Victoria’s leader of the opposition Michael O’Brien, has called on the federal Coalition government to raise the bar on climate policy, after announcing his own Liberal Party’s support of the need for state emissions reductions.
O’Brien told The Age that state emissions targets were necessary in the absence of a “consistent national policy,” and called on the Morrison government to set national targets for cutting emissions beyond 2030.
“I’d like to see a discussion about what federal targets we can have beyond 2030,” O’Brien told the paper. “But until we get to that point I think it’s appropriate for states such as Victoria … to have our own longer-term plans and strategies in the absence of an agreed national position.”
And he added: “In my mind, the same reason why the Liberal Party says we need to make sure we don’t pass on unsustainable debt to our kids is the same reason it says we don’t want to pass on an unsustainable environment to our kids.”
The comments come two-thirds of the way through what has been a brutal bushfire season for parts of Victoria – and neighbouring New South Wales – bringing climate policy to the fore of news and policy discussions.
It also comes as Daniel Andrews’ state Labor government promises to impose emission reduction targets of no less than 20 per cent by March 31, and potentially as high as 40 per cent.
Green group Friends of the Earth welcomed the policy shift from Victoria’s Liberal Party as a “good sign,” both for politics in general and for the smooth passage of Labor’s March emissions legislation efforts.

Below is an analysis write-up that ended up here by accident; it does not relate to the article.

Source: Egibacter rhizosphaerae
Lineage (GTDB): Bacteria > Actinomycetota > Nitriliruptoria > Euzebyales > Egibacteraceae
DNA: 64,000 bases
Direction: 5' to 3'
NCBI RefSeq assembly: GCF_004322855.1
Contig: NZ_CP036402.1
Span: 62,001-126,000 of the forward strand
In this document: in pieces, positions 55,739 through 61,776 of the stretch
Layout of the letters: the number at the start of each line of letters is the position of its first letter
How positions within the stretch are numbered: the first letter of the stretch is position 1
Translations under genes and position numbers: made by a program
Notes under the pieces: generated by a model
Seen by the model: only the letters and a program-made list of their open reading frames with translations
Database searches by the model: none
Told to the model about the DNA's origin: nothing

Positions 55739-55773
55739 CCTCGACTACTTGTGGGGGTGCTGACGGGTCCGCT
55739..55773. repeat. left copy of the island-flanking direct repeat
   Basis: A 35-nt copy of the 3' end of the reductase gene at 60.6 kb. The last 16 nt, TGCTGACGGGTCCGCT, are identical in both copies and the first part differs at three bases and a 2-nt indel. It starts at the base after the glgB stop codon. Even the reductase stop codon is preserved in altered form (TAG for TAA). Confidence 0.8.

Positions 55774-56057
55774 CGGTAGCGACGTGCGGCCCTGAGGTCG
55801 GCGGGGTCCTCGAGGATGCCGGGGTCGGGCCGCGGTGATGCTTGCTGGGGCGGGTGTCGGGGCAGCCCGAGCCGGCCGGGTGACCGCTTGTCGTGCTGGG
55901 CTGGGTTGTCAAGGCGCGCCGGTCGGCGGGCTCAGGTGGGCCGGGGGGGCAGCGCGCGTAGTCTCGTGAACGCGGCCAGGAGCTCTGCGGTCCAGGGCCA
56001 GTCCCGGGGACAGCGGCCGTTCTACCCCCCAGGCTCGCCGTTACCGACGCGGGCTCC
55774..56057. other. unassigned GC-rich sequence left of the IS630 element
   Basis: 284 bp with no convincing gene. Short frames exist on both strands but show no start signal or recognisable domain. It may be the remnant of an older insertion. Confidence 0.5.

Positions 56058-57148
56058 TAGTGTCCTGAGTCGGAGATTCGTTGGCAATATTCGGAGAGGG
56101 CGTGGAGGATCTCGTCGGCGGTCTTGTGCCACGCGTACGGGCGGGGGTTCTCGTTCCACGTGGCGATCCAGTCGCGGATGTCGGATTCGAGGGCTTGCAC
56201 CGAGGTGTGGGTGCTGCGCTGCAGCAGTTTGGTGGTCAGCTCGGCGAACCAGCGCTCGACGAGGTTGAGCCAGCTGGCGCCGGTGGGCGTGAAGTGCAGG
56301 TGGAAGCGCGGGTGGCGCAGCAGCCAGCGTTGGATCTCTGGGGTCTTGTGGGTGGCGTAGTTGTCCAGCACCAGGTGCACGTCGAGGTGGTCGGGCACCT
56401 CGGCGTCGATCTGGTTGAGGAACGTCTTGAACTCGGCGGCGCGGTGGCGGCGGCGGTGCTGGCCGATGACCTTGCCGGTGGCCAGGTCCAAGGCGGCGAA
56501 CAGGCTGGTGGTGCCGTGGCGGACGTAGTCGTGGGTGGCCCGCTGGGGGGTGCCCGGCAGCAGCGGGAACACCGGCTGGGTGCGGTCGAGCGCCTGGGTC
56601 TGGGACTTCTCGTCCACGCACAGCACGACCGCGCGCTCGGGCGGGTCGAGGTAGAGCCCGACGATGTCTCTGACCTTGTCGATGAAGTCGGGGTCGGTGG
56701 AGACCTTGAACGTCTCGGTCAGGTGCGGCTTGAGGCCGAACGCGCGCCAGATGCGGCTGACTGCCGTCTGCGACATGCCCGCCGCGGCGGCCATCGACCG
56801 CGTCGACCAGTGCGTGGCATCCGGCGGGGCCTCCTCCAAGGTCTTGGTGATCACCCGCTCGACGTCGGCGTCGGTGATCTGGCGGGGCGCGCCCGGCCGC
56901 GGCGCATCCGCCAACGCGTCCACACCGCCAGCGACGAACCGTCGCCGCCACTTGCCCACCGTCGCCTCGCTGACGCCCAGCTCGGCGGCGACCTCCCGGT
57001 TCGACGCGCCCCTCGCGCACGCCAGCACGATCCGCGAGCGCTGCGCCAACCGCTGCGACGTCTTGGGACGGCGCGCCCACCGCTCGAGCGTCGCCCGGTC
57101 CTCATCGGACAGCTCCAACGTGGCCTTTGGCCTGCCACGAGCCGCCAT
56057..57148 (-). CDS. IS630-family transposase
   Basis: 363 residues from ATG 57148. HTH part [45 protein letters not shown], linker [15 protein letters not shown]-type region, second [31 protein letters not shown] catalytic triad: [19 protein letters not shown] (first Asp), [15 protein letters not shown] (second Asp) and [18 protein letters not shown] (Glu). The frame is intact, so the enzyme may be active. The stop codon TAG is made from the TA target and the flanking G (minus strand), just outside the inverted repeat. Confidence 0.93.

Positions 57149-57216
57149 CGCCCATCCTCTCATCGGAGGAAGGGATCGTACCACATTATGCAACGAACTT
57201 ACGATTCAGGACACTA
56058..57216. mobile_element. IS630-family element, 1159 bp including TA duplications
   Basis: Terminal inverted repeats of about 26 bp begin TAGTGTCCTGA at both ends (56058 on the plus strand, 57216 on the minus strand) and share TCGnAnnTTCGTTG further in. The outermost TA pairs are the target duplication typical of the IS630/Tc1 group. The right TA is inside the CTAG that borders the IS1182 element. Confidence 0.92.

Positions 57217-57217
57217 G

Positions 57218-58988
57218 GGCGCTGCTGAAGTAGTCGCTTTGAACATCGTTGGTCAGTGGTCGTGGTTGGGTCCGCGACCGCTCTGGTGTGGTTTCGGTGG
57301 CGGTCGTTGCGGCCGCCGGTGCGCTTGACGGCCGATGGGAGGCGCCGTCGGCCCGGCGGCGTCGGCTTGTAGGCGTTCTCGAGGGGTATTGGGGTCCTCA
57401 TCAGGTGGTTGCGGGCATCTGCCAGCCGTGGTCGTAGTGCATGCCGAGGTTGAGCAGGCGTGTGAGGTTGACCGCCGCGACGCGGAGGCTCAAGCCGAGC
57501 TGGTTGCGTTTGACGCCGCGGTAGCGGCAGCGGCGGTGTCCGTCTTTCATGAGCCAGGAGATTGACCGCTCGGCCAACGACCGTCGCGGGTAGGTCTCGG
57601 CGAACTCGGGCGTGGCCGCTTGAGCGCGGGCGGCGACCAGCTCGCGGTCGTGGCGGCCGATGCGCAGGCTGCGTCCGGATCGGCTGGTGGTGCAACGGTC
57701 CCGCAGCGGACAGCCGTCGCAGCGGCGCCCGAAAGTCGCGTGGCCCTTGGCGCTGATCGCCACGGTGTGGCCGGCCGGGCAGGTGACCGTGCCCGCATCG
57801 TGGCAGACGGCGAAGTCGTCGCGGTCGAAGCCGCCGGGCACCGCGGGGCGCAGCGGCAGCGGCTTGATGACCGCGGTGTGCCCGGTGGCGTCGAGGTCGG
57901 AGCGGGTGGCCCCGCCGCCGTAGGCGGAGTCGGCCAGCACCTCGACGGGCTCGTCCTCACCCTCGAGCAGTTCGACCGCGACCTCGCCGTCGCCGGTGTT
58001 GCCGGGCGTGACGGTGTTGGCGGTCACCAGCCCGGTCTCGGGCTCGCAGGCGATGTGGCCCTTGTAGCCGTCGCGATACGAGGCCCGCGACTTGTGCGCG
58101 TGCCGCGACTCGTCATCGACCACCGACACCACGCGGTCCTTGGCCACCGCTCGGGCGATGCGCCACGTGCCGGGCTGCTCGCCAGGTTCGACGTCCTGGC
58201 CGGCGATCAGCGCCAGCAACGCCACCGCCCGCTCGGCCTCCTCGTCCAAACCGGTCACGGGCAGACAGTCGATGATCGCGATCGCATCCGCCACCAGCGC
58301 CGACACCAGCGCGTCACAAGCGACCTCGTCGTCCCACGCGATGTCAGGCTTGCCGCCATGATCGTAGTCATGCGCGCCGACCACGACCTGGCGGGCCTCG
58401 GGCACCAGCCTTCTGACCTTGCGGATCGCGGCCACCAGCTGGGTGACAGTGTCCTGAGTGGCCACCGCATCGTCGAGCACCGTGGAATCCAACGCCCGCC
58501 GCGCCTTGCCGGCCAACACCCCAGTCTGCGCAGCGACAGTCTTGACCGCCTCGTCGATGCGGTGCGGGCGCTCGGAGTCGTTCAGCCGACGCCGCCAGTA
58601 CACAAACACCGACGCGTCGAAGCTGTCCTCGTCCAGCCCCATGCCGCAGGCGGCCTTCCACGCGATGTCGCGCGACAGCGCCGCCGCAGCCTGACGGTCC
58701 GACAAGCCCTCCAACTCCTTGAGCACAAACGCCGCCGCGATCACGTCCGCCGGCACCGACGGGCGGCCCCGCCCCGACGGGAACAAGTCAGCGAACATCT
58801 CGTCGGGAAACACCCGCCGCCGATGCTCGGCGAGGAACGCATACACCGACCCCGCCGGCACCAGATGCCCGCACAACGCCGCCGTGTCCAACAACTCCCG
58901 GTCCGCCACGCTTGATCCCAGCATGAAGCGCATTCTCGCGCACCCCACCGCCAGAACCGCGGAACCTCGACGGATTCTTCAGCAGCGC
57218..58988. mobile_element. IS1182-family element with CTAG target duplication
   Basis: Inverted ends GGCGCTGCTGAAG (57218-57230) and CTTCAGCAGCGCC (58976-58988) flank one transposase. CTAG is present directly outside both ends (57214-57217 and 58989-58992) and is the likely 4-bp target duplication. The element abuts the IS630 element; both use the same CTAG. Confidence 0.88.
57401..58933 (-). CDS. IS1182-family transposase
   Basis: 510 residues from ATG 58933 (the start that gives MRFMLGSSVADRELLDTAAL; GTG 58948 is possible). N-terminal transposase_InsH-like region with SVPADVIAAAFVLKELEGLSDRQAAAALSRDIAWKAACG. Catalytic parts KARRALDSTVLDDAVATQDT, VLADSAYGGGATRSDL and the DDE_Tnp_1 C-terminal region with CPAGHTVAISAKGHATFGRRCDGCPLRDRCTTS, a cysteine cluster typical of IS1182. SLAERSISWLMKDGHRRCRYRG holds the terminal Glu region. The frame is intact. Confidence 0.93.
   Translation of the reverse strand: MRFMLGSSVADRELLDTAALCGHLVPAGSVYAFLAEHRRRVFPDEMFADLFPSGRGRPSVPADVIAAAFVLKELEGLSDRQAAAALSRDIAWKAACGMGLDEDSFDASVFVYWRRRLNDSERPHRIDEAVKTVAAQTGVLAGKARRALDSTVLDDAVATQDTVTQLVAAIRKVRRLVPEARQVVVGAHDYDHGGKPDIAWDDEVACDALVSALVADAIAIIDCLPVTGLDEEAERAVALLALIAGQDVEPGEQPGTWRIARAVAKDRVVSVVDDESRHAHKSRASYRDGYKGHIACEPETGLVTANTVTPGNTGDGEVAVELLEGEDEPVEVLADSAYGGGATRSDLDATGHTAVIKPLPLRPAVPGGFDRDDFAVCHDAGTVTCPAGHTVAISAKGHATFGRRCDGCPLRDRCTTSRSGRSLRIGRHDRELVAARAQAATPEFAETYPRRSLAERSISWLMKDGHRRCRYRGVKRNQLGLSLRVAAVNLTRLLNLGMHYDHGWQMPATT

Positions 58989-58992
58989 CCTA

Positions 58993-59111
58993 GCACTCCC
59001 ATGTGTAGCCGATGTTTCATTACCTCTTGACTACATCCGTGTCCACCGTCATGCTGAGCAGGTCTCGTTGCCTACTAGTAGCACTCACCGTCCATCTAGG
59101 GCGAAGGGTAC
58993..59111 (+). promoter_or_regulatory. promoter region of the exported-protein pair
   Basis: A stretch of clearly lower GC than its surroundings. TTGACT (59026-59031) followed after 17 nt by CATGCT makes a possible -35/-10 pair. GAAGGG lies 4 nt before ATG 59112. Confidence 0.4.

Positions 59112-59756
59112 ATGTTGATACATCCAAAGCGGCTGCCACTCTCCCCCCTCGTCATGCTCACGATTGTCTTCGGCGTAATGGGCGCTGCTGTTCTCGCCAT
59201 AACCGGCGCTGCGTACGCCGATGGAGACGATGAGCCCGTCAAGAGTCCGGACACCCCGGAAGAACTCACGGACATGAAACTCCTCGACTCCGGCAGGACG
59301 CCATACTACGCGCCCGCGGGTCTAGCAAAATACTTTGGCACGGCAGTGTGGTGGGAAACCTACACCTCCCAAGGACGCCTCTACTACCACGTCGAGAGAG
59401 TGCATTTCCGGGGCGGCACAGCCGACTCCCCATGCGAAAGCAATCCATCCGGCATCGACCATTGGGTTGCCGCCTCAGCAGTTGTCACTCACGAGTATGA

“It’s good to see Michael O’Brien acknowledge the surging community concern about the climate crisis and update opposition climate policy,” said Leigh Ewbank, Friends of the Earth’s climate spokesperson.
“The opposition can build on this positive first step by publicly backing the Victorian Climate Change Act. It’s a practical step to demonstrate its commitment to climate action.”
“(This shift) creates space for Premier Daniel Andrews to set science-based Emissions Reduction Targets that are bold and ambitious. With the Morrison government refusing to act, now’s the time for Victorian leadership,” said Ewbank.
O’Brien’s stance also adds a new layer of pressure on the federal Coalition government, as more and more of its state counterparts commit to ambitious policies on both climate and renewables.
In an interview with The Australian earlier this month, the New South Wales Liberal Party’s energy minister Matt Kean claimed federal MPs were unhappy with the Morrison government’s position on climate change.
The South Australia liberal government, of course, aims to reach “net 100 per cent renewables” by 2030.